'The Order: 1886' review: Missed opportunities plague Sony's beautiful game
Throughout my time playing The Order: 1886, one question continued to pop into my mind. Whether I was battling werewolves, dashing through the streets of Whitechapel, or repelling down the side of a blimp—all of which sound thrilling but ultimately end up being empty experiences—“Is this really it?”
Surely I was missing something beyond the extended cutscenes that issued a button prompt every now and then, the rote shooting sequences, and occasional newspaper or photo I could pick up and examine. The Order is beautiful to look at—the English locales fully realized in a stunning art design and the characters brought to life with incredible realism. With such attention paid to the details of the world, The Order had to have more to offer.
But it doesn’t offer much more than that. It’s a shame, because The Order presents an intriguing concept with glimmers of promise peppered throughout its story. Rather than capitalizing on any of them, it squanders them for a streamlined experience that is by no means poorly made, but because it aspires to such great heights, its uninspiring gameplay becomes all the more disappointing.
The Order delves into an alternate history of Victorian-era London, where a secret group of Knights has protected the city against forces both human and mythical for centuries. The Knights assume the identities of Knights of the Round Table and other prominent members of Arthurian legend, with Sir Galahad serving as the game’s protagonist. The Order also has access to a life-extending elixir and advanced weaponry that real Victorian-era soldiers would faint at the sight of them.
Throughout the game, Galahad uncovers the mysteries behind a Lycan threat (werewolves, for the mythologically challenged), discovering secrets that could alter not just his own life but the lives of all of those he calls brothers in arms.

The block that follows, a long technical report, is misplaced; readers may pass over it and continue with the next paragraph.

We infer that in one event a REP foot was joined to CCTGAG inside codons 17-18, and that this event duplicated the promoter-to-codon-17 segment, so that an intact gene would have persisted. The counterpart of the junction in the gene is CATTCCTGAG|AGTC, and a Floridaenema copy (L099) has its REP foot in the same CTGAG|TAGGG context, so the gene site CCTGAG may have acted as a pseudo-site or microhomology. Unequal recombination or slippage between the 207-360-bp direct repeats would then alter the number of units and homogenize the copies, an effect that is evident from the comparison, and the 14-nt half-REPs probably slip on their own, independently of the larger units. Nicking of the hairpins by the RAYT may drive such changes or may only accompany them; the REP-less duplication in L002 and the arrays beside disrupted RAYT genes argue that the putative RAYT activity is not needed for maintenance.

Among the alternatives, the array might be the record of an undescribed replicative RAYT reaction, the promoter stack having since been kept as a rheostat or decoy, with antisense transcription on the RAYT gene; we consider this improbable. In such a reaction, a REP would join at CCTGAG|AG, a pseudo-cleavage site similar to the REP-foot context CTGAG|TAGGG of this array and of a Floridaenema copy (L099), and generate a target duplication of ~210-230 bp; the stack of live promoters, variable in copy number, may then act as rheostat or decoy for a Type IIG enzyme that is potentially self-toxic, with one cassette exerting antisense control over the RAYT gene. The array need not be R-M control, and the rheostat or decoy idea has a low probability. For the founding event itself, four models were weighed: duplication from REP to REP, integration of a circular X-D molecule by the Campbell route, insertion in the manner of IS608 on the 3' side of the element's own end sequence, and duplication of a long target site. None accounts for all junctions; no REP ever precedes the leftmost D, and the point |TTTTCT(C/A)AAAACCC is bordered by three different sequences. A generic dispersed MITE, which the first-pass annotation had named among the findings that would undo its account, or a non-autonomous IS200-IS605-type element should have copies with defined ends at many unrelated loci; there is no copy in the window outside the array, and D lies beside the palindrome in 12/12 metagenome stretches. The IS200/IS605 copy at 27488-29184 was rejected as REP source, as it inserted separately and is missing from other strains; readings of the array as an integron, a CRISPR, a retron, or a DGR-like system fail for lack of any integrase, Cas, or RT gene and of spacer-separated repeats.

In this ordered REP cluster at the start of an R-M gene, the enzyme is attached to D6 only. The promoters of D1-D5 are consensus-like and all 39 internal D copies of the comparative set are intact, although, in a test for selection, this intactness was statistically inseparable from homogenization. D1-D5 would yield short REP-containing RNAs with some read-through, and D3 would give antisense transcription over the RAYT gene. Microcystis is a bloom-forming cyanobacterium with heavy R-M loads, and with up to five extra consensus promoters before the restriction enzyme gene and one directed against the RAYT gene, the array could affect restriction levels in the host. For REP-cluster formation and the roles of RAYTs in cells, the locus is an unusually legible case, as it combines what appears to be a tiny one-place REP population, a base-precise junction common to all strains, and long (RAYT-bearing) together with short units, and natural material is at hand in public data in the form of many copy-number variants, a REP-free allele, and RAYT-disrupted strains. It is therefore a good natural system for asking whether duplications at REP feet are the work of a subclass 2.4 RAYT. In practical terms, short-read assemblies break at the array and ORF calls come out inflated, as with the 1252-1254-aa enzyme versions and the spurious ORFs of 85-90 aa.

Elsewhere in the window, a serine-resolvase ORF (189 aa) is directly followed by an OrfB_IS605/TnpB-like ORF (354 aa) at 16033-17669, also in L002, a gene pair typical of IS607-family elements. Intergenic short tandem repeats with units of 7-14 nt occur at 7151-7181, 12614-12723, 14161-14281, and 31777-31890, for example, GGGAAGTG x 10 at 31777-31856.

Playing out across 16 chapters, The Order relies heavily on scripted scenes where players will occasionally press buttons to advance the action—grabbing a ledge with the triangle button, blocking a punch with circle—as well as engage in several cover-based shoot-outs. And… that’s about it. Sure, there are moments where players can explore the environment as Galahad, but there isn’t actually much to do in those beautiful environments. There may be a photo lying on a table or an audio diary to pick up and listen to, continuing the video game medium’s obsession with baking extra story into snippets of dialogue without utilizing the trope in any interesting manner.
And that is perhaps indicative of the cardinal sin The Order breaks again and again. It has some clever ideas, both in its gameplay and story, but it never applies them in an intriguing way. The anachronistic weapons that employ fire and lightning in unique ways are essentially just flashy one-shot killing machines and little else. The idea of this secret order and its years-long battle is also, inherently, a simply cool concept. But the story never does anything special with the monstrous element, letting a mid-game reveal about the enemies go absolutely to waste. The actual villain is also realized so late in the game that there’s little reason for the player to actually care, as much as there may be for Galahad.